Actually, if you read into it, quite a bit more than "some" of the expanded universe is canon, very little isn't. more than 5000 years of information has been canonically filled through novels, comics, and short stories, and I am in the process of reading them all. Sadly, most of what he has said is now null and void, though at the time he wrote it it was actually somewhat feesable, and I greatly appreciate that someone was actually willing to put a little effort into bridging all the movies logically.
(Anonymous)
Sep. 5th, 2011 02:08 am (UTC)
This is all very well thought out. If only Lucas had actually put this much thought and planning into the prequels (and then let other people actually write and direct them) then they might not have been so incredibly awful and damaging to the legacy of the entire Star Wars series. But all this essay really does is put a giant spotlight on how massive the plot holes and discrepancies created by the prequels really were. I mean when a fan can write up something like this as a potential way to explain just two of the story problems created by the prequels then it can't be much more obvious that the films have failed in massive ways. I don't believe that there is any chance that anything even close to this kind of stuff was actually on Lucas's mind while he wrote the prequels (and if by some minuscule chance anything of this nature actually was intended then he failed 100% in conveying any of it in the films). That being, ever discrepancy that this tries to explain is easily explained by simple means, such the pretty obvious fact that Lucas is just an incredibly lazy writer and no longer cares about the integrity of the Star Wars story at all.

In reality it's pretty obvious that Chewbacca was in Episode 3 because Lucas inexplicably thought everyone would get a kick out of seeing him, but instead of finding a creative way of doing it that actually worked within the overall story he just shoehorned him in despite it making no sense. And Lucas came up with the "great" idea that C3P0 was actually built by Anakin, but either didn't consider or care about the story problems this would create given C3P0's role in the original trilogy. And yet instead of coming up with some creative solution that worked within or even (gasp) IMPROVED the overall story of the entire series he instead waited until the very end of the third movie and then just blew it off with one line of dialog that in itself left another gaping plot hole wide open, namely the R2D2 one that you discuss here. These are just a two examples of the lazy and HORRIBLE writing that makes the prequels pretty much unwatchable. I've loved Star Wars my whole life, but right now the only films I'll even considder watching are the original versions of the original trilogy. And the only one of those films that I think of as a truly great film is The Empire Strikes Back. Star Wars and Return of the Jedi are fun adventure movies, but Empire is the only one that completely works as a truly great and engrossing dramatic story. And now as an adult, and after all these years of special edition and prequel debacles, I have to say that I absolutely do not believe it's simply a coincidence that the one movie Lucas had the least control over (Empire) is the best of them BY FAR.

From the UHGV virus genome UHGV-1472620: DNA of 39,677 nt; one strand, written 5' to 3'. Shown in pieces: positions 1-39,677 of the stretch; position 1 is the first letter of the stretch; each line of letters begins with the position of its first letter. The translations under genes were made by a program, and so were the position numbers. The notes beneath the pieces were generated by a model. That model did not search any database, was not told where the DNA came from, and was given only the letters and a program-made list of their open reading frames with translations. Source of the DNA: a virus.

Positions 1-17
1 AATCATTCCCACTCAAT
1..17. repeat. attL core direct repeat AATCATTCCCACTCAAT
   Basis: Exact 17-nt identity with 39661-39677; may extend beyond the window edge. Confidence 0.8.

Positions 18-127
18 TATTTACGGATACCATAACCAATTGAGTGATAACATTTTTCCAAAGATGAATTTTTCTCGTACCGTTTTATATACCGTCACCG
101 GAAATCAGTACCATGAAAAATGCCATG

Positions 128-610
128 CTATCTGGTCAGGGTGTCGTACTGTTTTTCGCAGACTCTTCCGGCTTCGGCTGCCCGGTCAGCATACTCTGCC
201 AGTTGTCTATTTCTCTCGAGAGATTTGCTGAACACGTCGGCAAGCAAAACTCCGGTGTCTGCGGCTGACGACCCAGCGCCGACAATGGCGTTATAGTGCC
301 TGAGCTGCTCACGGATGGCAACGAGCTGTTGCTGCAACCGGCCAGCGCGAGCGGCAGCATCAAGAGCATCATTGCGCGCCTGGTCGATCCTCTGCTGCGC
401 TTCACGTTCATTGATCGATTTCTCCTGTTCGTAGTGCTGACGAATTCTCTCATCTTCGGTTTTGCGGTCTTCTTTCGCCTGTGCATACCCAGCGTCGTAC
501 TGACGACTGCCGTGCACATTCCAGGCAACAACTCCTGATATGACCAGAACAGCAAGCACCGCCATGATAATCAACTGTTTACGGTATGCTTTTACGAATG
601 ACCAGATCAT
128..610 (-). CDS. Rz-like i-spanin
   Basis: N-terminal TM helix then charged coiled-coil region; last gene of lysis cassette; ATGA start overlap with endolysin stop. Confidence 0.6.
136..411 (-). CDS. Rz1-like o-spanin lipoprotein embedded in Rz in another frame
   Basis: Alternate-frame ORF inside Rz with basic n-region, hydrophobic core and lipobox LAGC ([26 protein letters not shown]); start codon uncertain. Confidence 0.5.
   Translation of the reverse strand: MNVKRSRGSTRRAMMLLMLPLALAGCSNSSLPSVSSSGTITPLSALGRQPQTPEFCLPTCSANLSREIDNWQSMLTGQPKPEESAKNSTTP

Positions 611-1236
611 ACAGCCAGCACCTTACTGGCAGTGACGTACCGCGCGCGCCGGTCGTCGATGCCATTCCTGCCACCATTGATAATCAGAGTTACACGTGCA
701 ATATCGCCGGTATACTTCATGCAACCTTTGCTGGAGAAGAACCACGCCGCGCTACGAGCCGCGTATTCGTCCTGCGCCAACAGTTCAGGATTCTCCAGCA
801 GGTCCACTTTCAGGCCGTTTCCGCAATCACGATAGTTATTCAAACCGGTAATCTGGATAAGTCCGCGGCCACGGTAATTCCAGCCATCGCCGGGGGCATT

(Anonymous)
Oct. 4th, 2011 05:48 am (UTC)
Interesting but not very fact based..
No offense I see that you are trying to be innovative but too many of the suggestions made are very very far fetched... A lot of Bantha fodder in this story if you ask me.
(Anonymous)
Jun. 10th, 2012 08:09 pm (UTC)
Re: Interesting but not very fact based..
Far-fetched, yes. EXACTLY. Canon story is TERRIBLE. This is the degree of ridiculous that must happen in order for the story to make sense at all. Far-fetched is the idea that a strong, independent former queen and current senator will fall in love with her creepy stalker because he murders an entire village.
Re: Interesting but not very fact based.. - akameji - Sep. 25th, 2013 02:34 pm (UTC) - Expand
(Anonymous)
Nov. 12th, 2011 03:30 am (UTC)
Chewie wasn't "in on the secret"
I can buy R2 being in on the whole secret of the Luke/Vader/Leia relationship and serving as a secret spy for the rebellion. In fact, that's probably how it's meant to be interpreted. I also agree with your assessment of Obi Wan and why he was so secretive about Luke's father. So everything you wrote up to the point where Chewie gets involved makes sense and fits in well with the canon.

But the whole idea of Chewie being a rebel spy undercover as a smuggler's sidekick is ridiculous, especially the part about him secretly owning the Falcon but letting Lando and Han "think" they owned it. It's just too far-fetched and completely unnecessary speculation.

I do, however, find it plausible that Chewie was sympathetic to the rebellion, obviously because of what the Empire did Kashyyyk, his enslavement, and his friendship with Yoda. Chewie and Obi Wan very likely did know of each other and that's why Chewie offered the services of the Falcon at the Cantina. But, beyond that, Chewie was not involved in the leadership of the rebellion, and especially in keeping the secret of Luke and Leia's relationship with Vader.
(Anonymous)
Apr. 26th, 2012 07:21 pm (UTC)
I took this for what it is: fun speculation. That being said, as a commentary on the movies it holds up outside sanything a book might say. However, I would be more thorough and suggest Chewie CONVINCED Han to go back to the Death Star, and he sets up a lot of what happens in Empire through his "repair" work on the Falcon.
(Anonymous)
May. 7th, 2012 02:44 pm (UTC)
Wes
I'm upset by how much sense this makes.

Ascended Fridge Horror, anyone? (http://tvtropes.org/pmwiki/pmwiki.php/Main/AscendedFridgeHorror)